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Daring Greatly: How the Courage to Be Vulnerable Transforms the Way We Live, Love, Parent, and Lead
Brené Brown, Karen White
Blue Lily, Lily Blue
Maggie Stiefvater
Neil Patrick Harris: Choose Your Own Autobiography
Neil Patrick Harris
Last of the Curlews
Fred Bodsworth, T.M. Shortt
Recovering for Psychological Injuries 2nd Edition 0941916510
William A. Barton Arnett J. Holloway
Garner on Language & Writing
Bryan A. Garner
America's Women: Four Hundred Years of Dolls, Drudges, Helpmates, and Heroines - Gail Collins I took a survey pair of classes in college called History of Women in the U.S., and they were two of my favorite college classes of all time. I had always had a love-hate relationship with history. Some of it is so fascinating, and it is always interesting to me to see how current culture and politics echoes the culture and politics of the past, but, on the other hand, sometimes history seems to be all wars and generalities. It is often zeitgeist and statistics, rather than subtlety and story. But, my History of Women classes were different: they were letters and stories of all kinds of women living in North America. Women who cared centuries ago about things I care about now. It was brilliant. I thought, this is what history has been missing for me: women. I’m sad to say it, but this book proved me wrong.

I started following Gail Collins’s op-ed columns in the New York Times during the 2008 election because she is very witty and sometimes hilarious. I think she is a lovely, smart woman. This book, however, failed overall for me. It was full of the generalities that bother me in so many history books. Like, “Women watched this television show,” “Women wore this clothing,” “The U.S. wanted this or that,” “People felt this way.” It just rubs me the wrong way. I feel like if historians continue to live and breathe these sweeping observations about culture, people in the future will assume I am just like Brittany Spears. Not that I really have a problem with Brittany Spears, but I am not very similar to her. I like history through individual eyes and stories.

And this book didn’t really even succeed for me when there were individual stories. Collins would pick out a notable woman and briefly summarize her story, but the scope of this book was too huge to do anybody justice. For example, she discusses Margaret Sanger twice, but, unless I missed it, did not touch at all on her racism or advocacy of eugenics. From one standpoint, I think her legacy obviously goes far beyond eugenics, and Sanger was an amazing woman in so many ways and an incredible advocate for voluntary birth control. But, to ignore her advocacy of eugenics seems suspect to me. Does it come from an assumption that someone with one so awful an idea could not do anything good? Does it come from a fear of even raising the topic? Is it just because there were so many people to cover in this book and so little space to do it? And, maybe she did mention it and I just missed it. But, if she didn’t (and I double checked and couldn't find anything about it), it seems like an example of a missed opportunity to talk about the nuance that exists in any cultural activism.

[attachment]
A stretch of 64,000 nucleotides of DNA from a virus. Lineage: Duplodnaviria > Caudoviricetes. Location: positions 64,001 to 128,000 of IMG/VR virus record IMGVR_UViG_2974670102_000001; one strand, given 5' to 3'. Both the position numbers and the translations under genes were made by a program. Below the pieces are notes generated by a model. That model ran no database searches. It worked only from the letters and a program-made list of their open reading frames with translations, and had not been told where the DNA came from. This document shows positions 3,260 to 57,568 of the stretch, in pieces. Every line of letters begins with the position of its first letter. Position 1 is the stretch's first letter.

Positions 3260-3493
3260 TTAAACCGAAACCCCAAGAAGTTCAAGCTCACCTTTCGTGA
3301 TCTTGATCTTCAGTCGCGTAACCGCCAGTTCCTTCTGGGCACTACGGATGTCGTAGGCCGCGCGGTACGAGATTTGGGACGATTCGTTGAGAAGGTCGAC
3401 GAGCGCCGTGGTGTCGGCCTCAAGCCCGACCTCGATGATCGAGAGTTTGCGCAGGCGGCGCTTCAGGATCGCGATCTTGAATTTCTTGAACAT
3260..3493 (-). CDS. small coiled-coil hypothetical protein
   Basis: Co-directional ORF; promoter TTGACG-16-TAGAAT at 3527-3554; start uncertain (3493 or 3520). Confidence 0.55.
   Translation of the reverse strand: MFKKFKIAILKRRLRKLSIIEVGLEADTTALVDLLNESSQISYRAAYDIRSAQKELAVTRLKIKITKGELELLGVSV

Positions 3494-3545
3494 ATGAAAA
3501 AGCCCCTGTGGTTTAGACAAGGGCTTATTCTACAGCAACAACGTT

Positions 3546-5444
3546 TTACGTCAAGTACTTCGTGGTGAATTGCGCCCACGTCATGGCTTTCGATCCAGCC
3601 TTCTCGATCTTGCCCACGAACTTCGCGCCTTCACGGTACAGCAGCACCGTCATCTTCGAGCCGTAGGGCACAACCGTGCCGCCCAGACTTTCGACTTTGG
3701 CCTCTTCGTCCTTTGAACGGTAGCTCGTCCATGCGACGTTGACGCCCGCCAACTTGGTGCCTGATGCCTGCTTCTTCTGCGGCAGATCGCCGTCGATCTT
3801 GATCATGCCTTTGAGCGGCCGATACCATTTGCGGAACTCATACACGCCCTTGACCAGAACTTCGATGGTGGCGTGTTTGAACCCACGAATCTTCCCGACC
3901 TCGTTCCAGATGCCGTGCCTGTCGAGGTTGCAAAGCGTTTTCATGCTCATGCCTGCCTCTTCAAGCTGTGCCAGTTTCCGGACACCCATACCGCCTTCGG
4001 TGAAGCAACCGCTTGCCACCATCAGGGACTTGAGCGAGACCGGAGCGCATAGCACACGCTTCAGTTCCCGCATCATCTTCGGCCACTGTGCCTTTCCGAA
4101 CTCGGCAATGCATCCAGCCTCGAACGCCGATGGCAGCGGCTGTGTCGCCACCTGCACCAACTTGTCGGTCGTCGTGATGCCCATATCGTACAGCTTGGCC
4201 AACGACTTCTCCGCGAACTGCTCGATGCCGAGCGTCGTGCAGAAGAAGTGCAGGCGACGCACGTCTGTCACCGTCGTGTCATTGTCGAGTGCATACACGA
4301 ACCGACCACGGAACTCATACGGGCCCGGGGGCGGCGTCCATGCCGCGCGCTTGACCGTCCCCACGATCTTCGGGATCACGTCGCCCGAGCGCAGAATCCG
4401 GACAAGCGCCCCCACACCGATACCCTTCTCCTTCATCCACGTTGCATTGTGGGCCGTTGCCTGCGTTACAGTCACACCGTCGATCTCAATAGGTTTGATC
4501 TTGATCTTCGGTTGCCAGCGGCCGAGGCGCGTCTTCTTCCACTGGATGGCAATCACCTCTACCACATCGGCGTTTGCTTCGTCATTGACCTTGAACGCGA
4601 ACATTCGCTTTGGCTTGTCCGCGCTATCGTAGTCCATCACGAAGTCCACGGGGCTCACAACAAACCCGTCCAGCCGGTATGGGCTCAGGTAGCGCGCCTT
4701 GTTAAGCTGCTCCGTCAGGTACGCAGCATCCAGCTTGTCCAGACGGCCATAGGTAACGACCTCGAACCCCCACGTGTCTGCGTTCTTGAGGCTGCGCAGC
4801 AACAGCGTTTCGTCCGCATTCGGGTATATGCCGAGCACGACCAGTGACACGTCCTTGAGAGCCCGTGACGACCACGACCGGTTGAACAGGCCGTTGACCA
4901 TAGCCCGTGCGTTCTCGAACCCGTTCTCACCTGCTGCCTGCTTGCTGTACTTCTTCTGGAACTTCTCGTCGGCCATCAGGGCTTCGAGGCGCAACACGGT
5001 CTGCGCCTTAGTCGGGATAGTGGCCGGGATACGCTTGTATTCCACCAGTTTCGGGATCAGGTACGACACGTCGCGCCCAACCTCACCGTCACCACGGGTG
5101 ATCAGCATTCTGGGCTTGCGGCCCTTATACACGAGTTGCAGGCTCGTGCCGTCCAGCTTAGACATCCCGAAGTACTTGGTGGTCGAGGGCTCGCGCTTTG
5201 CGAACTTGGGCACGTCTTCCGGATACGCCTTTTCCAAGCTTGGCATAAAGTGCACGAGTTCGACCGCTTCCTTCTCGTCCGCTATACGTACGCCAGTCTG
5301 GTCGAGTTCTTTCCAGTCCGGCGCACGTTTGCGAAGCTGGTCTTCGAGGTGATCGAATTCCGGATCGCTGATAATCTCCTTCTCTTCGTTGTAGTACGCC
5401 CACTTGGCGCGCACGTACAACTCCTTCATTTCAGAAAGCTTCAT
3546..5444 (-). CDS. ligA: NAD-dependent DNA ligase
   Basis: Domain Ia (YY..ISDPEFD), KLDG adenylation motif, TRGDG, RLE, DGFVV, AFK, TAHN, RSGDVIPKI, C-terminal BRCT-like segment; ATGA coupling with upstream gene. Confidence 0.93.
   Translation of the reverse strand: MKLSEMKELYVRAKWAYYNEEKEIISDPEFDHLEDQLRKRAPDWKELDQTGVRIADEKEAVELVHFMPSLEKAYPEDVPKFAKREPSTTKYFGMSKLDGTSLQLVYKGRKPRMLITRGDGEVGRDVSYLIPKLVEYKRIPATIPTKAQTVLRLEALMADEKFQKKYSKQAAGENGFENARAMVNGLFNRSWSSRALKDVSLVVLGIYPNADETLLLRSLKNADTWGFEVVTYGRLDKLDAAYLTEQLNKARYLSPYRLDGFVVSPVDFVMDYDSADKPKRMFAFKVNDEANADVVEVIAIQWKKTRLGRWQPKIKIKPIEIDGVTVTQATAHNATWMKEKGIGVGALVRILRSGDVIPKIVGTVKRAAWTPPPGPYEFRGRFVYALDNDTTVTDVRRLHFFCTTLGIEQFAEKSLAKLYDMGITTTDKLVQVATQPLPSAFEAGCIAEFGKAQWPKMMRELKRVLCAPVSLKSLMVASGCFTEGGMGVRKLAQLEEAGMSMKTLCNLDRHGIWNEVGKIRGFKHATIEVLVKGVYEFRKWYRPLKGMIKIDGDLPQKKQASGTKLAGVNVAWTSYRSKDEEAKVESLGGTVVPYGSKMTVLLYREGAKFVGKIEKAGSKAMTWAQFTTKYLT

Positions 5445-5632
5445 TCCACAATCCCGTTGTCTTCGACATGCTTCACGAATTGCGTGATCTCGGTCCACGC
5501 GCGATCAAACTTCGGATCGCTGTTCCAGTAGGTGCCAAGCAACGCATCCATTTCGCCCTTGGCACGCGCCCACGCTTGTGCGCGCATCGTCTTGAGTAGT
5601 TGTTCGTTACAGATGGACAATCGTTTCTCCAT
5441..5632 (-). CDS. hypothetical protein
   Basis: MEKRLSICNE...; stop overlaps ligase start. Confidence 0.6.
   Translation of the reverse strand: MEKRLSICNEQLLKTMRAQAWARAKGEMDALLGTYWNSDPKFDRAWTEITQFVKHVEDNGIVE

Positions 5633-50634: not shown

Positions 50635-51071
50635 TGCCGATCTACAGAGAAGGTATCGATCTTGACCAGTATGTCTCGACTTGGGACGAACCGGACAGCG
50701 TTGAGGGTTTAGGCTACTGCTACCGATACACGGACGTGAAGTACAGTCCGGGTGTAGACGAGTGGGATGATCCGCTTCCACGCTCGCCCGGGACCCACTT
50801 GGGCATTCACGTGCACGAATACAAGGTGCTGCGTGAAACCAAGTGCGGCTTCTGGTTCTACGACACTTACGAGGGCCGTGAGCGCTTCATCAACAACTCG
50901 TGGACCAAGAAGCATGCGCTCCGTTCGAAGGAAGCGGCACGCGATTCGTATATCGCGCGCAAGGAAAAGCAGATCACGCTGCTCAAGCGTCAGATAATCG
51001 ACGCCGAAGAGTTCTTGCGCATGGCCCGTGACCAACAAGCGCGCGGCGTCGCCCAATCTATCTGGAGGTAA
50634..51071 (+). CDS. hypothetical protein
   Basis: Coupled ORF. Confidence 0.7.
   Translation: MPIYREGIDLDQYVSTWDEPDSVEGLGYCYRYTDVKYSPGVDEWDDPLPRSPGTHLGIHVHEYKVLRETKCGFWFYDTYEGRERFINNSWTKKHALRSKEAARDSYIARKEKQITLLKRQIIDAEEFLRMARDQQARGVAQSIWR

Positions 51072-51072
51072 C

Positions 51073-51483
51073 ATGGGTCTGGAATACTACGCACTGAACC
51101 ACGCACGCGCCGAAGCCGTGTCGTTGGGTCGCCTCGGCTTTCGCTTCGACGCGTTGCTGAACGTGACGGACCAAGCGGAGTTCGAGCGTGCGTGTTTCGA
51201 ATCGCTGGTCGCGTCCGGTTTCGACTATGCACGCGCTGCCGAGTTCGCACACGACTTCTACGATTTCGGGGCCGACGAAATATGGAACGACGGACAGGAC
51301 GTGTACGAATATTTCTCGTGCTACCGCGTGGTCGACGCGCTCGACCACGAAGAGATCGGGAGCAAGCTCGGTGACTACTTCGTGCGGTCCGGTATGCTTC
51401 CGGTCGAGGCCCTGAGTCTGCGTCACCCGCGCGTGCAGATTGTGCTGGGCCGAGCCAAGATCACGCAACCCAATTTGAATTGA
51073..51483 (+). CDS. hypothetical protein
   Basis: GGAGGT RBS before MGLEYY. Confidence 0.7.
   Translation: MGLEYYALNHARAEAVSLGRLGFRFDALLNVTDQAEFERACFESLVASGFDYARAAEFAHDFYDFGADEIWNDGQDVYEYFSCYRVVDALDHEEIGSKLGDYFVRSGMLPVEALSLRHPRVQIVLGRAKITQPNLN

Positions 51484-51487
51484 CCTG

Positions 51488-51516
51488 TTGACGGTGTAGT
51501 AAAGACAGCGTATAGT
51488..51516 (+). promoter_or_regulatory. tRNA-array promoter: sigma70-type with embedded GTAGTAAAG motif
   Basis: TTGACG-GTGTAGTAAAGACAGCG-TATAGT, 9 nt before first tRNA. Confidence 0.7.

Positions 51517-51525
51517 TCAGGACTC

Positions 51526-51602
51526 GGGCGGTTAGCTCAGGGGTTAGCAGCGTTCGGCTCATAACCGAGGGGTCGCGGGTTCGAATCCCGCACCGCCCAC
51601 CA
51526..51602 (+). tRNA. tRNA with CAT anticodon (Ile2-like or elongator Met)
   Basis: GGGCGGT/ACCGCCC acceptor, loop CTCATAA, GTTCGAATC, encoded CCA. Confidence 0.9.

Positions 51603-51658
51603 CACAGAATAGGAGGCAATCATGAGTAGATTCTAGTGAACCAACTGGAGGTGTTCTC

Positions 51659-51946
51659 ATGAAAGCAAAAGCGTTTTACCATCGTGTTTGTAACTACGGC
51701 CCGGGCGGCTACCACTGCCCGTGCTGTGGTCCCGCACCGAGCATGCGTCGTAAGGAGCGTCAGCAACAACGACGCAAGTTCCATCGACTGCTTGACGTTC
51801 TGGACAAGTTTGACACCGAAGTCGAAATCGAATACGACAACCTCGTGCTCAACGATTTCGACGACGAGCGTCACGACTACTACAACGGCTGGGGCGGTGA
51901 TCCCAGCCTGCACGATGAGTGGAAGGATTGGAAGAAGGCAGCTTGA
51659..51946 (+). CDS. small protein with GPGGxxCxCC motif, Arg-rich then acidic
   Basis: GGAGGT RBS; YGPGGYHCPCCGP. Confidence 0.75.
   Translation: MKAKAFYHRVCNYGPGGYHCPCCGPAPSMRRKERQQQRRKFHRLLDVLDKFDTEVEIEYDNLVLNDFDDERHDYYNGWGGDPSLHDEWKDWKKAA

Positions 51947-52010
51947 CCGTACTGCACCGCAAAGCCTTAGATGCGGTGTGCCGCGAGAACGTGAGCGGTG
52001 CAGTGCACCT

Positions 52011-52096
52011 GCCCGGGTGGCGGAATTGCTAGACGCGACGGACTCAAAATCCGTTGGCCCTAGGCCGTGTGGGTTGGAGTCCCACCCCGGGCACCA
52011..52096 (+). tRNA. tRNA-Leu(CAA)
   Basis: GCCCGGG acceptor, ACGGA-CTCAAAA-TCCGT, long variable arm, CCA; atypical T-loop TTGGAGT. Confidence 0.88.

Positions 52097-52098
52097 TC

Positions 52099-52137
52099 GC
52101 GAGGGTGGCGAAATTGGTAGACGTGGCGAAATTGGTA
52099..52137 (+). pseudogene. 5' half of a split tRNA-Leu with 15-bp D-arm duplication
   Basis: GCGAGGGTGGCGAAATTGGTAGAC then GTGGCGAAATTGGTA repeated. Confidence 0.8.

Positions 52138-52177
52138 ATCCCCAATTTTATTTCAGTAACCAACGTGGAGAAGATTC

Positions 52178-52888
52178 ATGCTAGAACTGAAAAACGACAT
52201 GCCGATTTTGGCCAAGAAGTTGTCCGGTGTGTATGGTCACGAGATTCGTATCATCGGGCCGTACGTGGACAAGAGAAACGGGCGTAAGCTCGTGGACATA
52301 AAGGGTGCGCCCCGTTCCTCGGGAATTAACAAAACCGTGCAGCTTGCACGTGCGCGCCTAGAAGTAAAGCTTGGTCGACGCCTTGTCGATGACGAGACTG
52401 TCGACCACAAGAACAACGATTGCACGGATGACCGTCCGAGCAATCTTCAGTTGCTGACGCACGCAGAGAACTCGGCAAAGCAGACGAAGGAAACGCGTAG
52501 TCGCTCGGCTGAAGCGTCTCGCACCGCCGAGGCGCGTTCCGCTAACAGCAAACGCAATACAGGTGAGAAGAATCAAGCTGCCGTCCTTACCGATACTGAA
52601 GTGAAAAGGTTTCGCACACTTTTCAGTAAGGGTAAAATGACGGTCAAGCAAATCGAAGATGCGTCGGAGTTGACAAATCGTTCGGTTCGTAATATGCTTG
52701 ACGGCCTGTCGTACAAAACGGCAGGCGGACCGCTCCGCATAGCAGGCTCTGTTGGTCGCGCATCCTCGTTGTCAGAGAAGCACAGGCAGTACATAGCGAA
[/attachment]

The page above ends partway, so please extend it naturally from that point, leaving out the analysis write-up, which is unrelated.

Also, I am big on citation. I am big on deliberate, meticulous, and transparent citation of sources, and I was not satisfied with how citation works out in this book. First, I prefer footnotes to endnotes, but having said that, I thought the endnote citation in Dead Man Walking were excellent, so I definitely see how endnotes have their place. I haven’t gone through all of the endnotes in this, but from having skimmed them, they appear not so much to be citation as further reading recommendations. They are not linked to the text through endnotes at all, but rather are cited to pages through quotes from the pages. So, what I’m saying is that the only real cited information is the quotations, and then there are other sources listed for further reading. That drives me crazy. Like, you can’t just say, “Women liked to make out in Model-Ts” and not cite me to your source. Who gave you this information, Michael Moore? Your neighbor across the fence? A dream? Grease? A lot of the information in here about the early part of the twentieth century, for example, seemed to come from the Gilbraith family, which is fine, and I like them, but it’s not exactly a survey of diverse sources. And, as with Michael Moore, it’s not so much that I think the information actually is overall inaccurate; it’s just that I appreciate a well-timed citation.

Maybe some of my complaint comes largely from the fact that this book isn’t Early American Women or Modern American Women, which are AMAZING. Maybe it’s not a fair standard to keep, but I think history books should be that blend of primary sources and analysis. I freaking love those books. This one wasn’t terrible but it was a resounding meh. It was a really long B+ recitation of generalities about American women. I am totally bummed and disillusioned to not be jumping off the walls about it because this is the first time I have failed to jump off walls about a book on the history of women, and I think it is signaling a certain crotchety-ness in me. Oh, no wait, there was that eye-roll HBO production about Alice Paul. That was annoying, though it wasn’t a book. Anyway, I could see assigning this in a high school class, but I couldn’t really see going beyond that. And why not watch Ken Burns’s wonderful documentary Not for Ourselves Alone, read the American Women books, or read one of Jeannette Walls’s books instead? Those are fucking amazing. People should freak out about the history of women, and the zeitgeists and famous people this book summarized just failed to make me freak out.